“The former international development minister Sir Alan Duncan has launched a scathing attack on the Israeli government.”

As we will see in a moment, Duncan’s attacks went far beyond criticism of “the Israeli government”. She continues:

“He condemns Israeli settlements as an act of theft, saying ‘occupation, annexation, illegality, negligence, complicity: this is a wicked cocktail which brings shame to the government of Israel’. His attack comes less than 24 hours after MPs voted in favour of recognizing a Palestinian state alongside Israel. Sir Alan, who left the government in the summer reshuffle, is now the Prime Minister’s special envoy to Oman and Yemen. This is very strong language you’re using.”

Duncan: “Yes, and we always go on about the peace process but it’s very important I think to go on about the principles behind it and the fundamental principle which I think governs the entire…eh….setting of the process is the fact that settlements are illegal. They are illegal in international law and they are supported every single day in their expansion by the Israeli government and I think this is unacceptable. And if Israel, as a democracy, says that it deserves to be treated as a democracy, then it should behave like one and having illegal settlements all the time is simply not acceptable and anyone who supports them, I consider to be an extremist.”

Predictably, Kearney makes no attempt to inform listeners of the existence of the many legal opinions which contradict Duncan’s oft stressed claims regarding the legality of ‘settlements’. She goes on:

“Well the view of the Israeli government is that the long-term future of the settlements is a matter for peace negotiations.”

Kearney fails to clarify to listeners that the Oslo Accords – willingly signed by the representatives of the Palestinian people – also define the issue of ‘settlements’ as a topic for final status negotiations and that nowhere in those agreements is any limit placed on either Israeli or Palestinian construction.

Duncan: “Ehrr…that of course is largely true but it doesn’t mean that they’re not illegal in the first place and this fundamental principle must be admitted by the Israeli government as the starting point for those negotiations. We all accept that the 1967 borders are going to encroach into the West Bank and that the borders of Israel are going to be larger, but the starting point in principle is that these settlements are illegal.”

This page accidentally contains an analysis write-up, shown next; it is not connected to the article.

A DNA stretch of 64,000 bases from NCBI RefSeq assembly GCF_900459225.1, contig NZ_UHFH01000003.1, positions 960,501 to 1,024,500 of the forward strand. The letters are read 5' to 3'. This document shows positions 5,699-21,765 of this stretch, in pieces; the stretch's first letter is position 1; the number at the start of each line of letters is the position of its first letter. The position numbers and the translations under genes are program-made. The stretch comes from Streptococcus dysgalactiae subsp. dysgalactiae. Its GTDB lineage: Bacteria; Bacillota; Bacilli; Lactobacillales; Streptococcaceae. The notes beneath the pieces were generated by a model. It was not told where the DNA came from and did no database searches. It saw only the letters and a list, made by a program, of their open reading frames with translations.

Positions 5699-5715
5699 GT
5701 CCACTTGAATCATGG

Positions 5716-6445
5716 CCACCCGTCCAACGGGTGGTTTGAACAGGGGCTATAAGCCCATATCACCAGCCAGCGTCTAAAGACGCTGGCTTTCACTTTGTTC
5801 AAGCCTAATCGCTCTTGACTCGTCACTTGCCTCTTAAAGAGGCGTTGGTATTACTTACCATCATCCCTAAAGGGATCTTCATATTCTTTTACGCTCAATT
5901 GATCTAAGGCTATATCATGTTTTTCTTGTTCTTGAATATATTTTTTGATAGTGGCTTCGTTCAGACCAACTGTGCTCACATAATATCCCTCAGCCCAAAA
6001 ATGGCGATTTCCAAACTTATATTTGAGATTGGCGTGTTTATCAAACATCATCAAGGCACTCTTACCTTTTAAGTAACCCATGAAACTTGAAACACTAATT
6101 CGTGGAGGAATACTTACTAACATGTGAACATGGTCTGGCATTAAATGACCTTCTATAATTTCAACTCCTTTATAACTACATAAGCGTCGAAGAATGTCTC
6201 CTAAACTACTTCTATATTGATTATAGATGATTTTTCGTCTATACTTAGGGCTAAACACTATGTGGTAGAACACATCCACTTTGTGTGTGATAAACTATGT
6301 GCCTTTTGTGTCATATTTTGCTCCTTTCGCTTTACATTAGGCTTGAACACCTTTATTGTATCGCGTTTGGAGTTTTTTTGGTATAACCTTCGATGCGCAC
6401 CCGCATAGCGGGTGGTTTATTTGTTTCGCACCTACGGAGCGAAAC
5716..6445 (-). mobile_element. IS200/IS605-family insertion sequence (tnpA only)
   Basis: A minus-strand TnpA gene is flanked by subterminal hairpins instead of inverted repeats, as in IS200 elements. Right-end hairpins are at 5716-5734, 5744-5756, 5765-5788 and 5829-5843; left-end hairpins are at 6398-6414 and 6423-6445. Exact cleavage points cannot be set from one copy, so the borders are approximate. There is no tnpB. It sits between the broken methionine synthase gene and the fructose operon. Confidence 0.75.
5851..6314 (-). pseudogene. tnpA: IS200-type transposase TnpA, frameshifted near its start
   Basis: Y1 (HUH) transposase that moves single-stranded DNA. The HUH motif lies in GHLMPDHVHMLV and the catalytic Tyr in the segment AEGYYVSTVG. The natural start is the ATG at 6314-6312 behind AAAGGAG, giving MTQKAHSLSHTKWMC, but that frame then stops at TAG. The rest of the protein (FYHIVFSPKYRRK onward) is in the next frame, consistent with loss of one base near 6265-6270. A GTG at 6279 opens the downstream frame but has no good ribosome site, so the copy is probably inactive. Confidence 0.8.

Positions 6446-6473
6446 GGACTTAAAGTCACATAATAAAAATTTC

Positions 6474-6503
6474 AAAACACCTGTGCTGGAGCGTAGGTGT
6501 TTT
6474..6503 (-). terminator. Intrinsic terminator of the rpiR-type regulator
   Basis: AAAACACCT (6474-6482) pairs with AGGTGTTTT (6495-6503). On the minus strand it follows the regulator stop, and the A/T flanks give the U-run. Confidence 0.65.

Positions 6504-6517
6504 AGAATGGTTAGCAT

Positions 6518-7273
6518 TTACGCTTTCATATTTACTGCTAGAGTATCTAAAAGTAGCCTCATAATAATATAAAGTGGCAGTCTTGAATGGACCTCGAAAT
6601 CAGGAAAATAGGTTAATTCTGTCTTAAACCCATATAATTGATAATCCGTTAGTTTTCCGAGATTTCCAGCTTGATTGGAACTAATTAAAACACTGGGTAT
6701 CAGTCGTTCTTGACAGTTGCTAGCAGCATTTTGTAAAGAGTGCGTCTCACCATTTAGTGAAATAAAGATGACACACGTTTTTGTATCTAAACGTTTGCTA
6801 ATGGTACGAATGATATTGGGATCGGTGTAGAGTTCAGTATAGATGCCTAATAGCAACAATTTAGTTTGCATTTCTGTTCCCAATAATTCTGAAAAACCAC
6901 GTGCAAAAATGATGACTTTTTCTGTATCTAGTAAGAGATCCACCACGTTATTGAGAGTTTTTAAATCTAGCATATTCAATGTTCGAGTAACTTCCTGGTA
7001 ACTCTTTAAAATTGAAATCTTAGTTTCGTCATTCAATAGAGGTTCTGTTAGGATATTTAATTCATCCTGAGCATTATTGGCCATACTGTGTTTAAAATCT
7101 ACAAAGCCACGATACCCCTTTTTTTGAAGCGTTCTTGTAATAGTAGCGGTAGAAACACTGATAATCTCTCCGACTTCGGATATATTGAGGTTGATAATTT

Kearney makes no effort to inform BBC audiences that there is no such thing as “1967 borders” or that the 1949 Armistice Agreement between Israel and Jordan specifically – at the request of the Jordanians – states that those armistice lines are not borders and that “[t]he provisions of this article shall not be interpreted as prejudicing, in any sense, an ultimate political settlement between the Parties to this Agreement”. Instead Duncan is allowed to continue uninterrupted:

“And every single time there is a step in the so-called process – even when Prime Minister Netanyahu is knocking on the door of the White House to see the President – they announce further settlements, insultingly and in defiance of international law.”

Kearney: “You can speak more strongly now you’ve left ministerial office but do you think the UK government should be speaking the same kind of language as you are?”

Duncan: “I think the UK government must be prepared to state this principle more strongly and perhaps diverge from the United States when doing so ‘cos we all know the United States is very much in hoc to a very powerful financial lobby which dominates its politics.”

There is no reaction whatsoever from Kearney to the promotion of that unmistakable ‘Jewish lobby’ trope by a prominent British politician on the BBC’s airwaves and neither of course does she bother to ask Duncan whether or not his political views are “in hoc” to the government of Oman in light of the financial contributions he has received in the past from that source.  Duncan goes on:

“But we, I think, a hundred years after the Mandate in the region…eh – second half of which we began to complete last night in the vote in the House of Commons in wanting to recognize Palestine – should make it absolutely clear that international law must be upheld and that anyone who thinks that they can defy international law or support that defiance is adopting an extreme position which is undemocratic, not acceptable and should not be part of our politics.”

The programme continues with an interview with Israel’s Ambassador to the UK, the introduction to which Kearney exploits for further BBC promotion of the misguided comments made by the MP for Croydon South during the previous evening’s parliamentary debate.